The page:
Behold Your Mother: Mothers Day and the Gift of Mary, the Mother of the Lord
Jesus gave us His mother
"When Jesus saw his mother and the disciple there whom he loved, he said to his mother, "Woman, behold, your son." Then he said to the disciple, "Behold, your mother." And from that hour the disciple took her into his home." (John 19:26, 27) This tender scene speaks to us of the depth of the Love which inspires, informs and transforms all human love. Jesus gives us His Mother. Happy Mothers Day.
Mary, the Mother of the Lord and our Mother
CHESAPEAKE, Va. (Catholic Online) - It is Mothers Day and our hearts and minds turn to the woman who gave us life and showed us the beauty of steadfast love throughout our lives. This year, the secular celebration of Mothers day falls on the same day when, on the Roman Catholic Liturgical Calendar, we commemorate a Feast of the Mother of God appearing under her title, Our Lady of Fatima. This gives us an opportunity to reflect again on Motherhood.
Motherhood is a gift from the Lord. It is our mother who gave us life. It is the Mother of the Lord who continues to give us the gift of the One who is the Way, the Truth and the Life. Each year as we express the gratitude we all feel for our earthly mother, I am also drawn to reflect on one of the last gifts the Lord gave to us before his total gift of Himself on the Cross, the gift of a mother. And, not just any mother, but His own Mother, Mary. May is the month dedicated to Mary, the Mother of the Lord. Again, no coincidence at all.
Christian Art and the writings of the Tradition of the Church are filled with reflection on the profound mystery and implications of this gift of a Mother named Mary to the Church. Even those Christians who are a part of the traditions flowing from the Protestant reformation, who, for so long have viewed this gift of Mary as a problem rather than a treasure, are beginning to reconsider the implications of this gift.
Many years ago I was an invited guest at a celebration of the life and ministry of an evangelical Protestant leader. It was a black tie affair, accompanied with all the fanfare. I was one of only a few Catholics who attended the event and I was glad to be there to pay tribute to this man. Back then, evangelical and Catholic collaboration was not all that common. Thank God, things have changed.
At the end of the evening, Reverend Jack Hayford gave the concluding tribute, address and prayer to conclude the nights' festivities. Pastor Hayford's message, (to the surprise of some present), was that we are living in, what he called a Mary Moment. With genuine insight he broke open the meaning of the life and mission of the Mother of the Lord as a model for all in that room and beyond who wanted to follow her Son Jesus.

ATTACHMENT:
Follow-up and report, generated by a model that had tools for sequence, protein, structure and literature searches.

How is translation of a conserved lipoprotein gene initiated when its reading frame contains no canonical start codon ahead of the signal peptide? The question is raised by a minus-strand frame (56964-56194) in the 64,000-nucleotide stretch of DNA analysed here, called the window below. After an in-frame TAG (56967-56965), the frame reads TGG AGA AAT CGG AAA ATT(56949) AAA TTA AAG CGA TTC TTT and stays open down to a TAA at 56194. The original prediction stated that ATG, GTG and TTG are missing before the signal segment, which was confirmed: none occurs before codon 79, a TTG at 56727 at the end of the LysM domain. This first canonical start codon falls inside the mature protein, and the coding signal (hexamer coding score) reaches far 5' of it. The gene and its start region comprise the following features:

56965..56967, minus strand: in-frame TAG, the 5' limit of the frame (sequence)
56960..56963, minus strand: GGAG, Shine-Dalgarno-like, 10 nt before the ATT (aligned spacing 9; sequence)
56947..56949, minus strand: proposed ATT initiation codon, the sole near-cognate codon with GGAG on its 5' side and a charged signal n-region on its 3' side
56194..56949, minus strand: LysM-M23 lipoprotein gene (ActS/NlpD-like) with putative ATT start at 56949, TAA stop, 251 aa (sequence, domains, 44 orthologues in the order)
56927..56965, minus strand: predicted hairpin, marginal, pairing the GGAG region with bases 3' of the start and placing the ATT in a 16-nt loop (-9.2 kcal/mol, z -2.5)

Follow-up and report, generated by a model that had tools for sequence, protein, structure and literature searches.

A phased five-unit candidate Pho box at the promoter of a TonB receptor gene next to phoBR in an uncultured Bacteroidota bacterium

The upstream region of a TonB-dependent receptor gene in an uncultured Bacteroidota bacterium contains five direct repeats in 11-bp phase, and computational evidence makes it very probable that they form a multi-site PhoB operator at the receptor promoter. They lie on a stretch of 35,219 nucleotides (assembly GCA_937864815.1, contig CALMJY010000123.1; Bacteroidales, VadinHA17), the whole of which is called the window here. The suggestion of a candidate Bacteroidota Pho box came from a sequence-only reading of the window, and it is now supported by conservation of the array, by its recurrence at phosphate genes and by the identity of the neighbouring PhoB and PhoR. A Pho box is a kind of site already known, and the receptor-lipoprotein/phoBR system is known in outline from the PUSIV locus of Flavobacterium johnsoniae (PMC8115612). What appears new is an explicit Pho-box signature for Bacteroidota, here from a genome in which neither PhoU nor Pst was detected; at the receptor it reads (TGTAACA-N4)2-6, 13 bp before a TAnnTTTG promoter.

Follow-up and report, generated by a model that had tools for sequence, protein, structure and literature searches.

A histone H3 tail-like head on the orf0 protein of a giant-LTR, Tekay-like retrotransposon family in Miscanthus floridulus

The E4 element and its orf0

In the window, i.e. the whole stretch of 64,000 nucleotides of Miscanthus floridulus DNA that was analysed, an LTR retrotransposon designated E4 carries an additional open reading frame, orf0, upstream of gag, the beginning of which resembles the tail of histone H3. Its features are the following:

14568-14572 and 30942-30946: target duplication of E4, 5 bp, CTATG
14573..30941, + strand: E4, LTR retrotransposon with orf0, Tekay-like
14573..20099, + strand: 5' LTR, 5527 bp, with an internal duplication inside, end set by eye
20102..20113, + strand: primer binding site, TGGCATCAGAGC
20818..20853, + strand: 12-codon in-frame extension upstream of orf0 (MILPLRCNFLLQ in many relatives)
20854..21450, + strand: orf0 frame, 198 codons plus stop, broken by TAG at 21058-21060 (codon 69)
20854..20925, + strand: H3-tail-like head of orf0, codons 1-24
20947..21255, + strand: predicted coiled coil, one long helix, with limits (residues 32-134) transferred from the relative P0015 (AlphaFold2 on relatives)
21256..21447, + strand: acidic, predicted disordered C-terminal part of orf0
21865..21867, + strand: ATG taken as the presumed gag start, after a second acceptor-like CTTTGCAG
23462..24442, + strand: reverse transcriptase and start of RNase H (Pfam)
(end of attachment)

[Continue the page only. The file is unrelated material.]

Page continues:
He offered the life of Mary as a model for all Christians. He encouraged all those present to follow her way of simplicity, humility and obedience. He emphasized the particular words spoken by Mary at the Wedding Feast of Cana when, after imploring her Son to perform His first public miracle (ah, the powerful intercession of a mother!) she directed those who were serving to: Do whatever He tells you. In this message, he was participating in what the early fathers of the Church did so often and so beautifully, breaking open the deeper mystery of Mary as a gift to - and type of - the Church.
Over the years, this kind of recovery of the significance of the life and witness of Mary has touched many Christians. For Catholic and Orthodox Christians, it has always been at the heart of our understanding the meaning of the mission of the Church. Catholics and Orthodox honor Mary as the Mother of the Lord, the woman singularly chosen in the eternal plan of God to be called "mother" by Jesus, to bear God Incarnate in her womb for nine months and then to give Him to the whole world.
That womb of that mother was a temple of glory, an ark of the Covenant and a new tent of meeting where heaven touched earth! We also refer to the Church as Mother. The early Christians saw the Baptismal font as a second womb from which we are born into the communion of the Church, the New israel, the new family of God.
Mary was also a real mother who was privileged to, (along with Joseph), raise the One who lived within her for nine months after He was born. In her presence and with her human influence, the biblical texts tell us He "grew in wisdom and stature" in His Sacred humanity.(Luke 2:52) Think about the wonder of all of this on this Mothers Day.
In the undivided Church, East and West, for the first 1,000 years, devotion to and love of Mary was a shining light of the profound prayers, reflections and writings of the Christian Church.When one probes the lives of Augustine of Hippo, Bernard of Clairveaux, Therese of Liseux, the late Theresa of Calcutta and so many others within the western Christian tradition, including even Martin Luther, one finds this kind of love for and devotion to Mary. The words of Martin Luther express it with such simple clarity: "Men have crowded all her glory into a single phrase: The Mother of God. No one can say anything greater of her."
Jesus called her Mother and he entrusted her, as one of his last and greatest gifts to his beloved disciple and to the entire Church with these tender words of entrustment in the Gospel of John: When Jesus saw his mother and the ...
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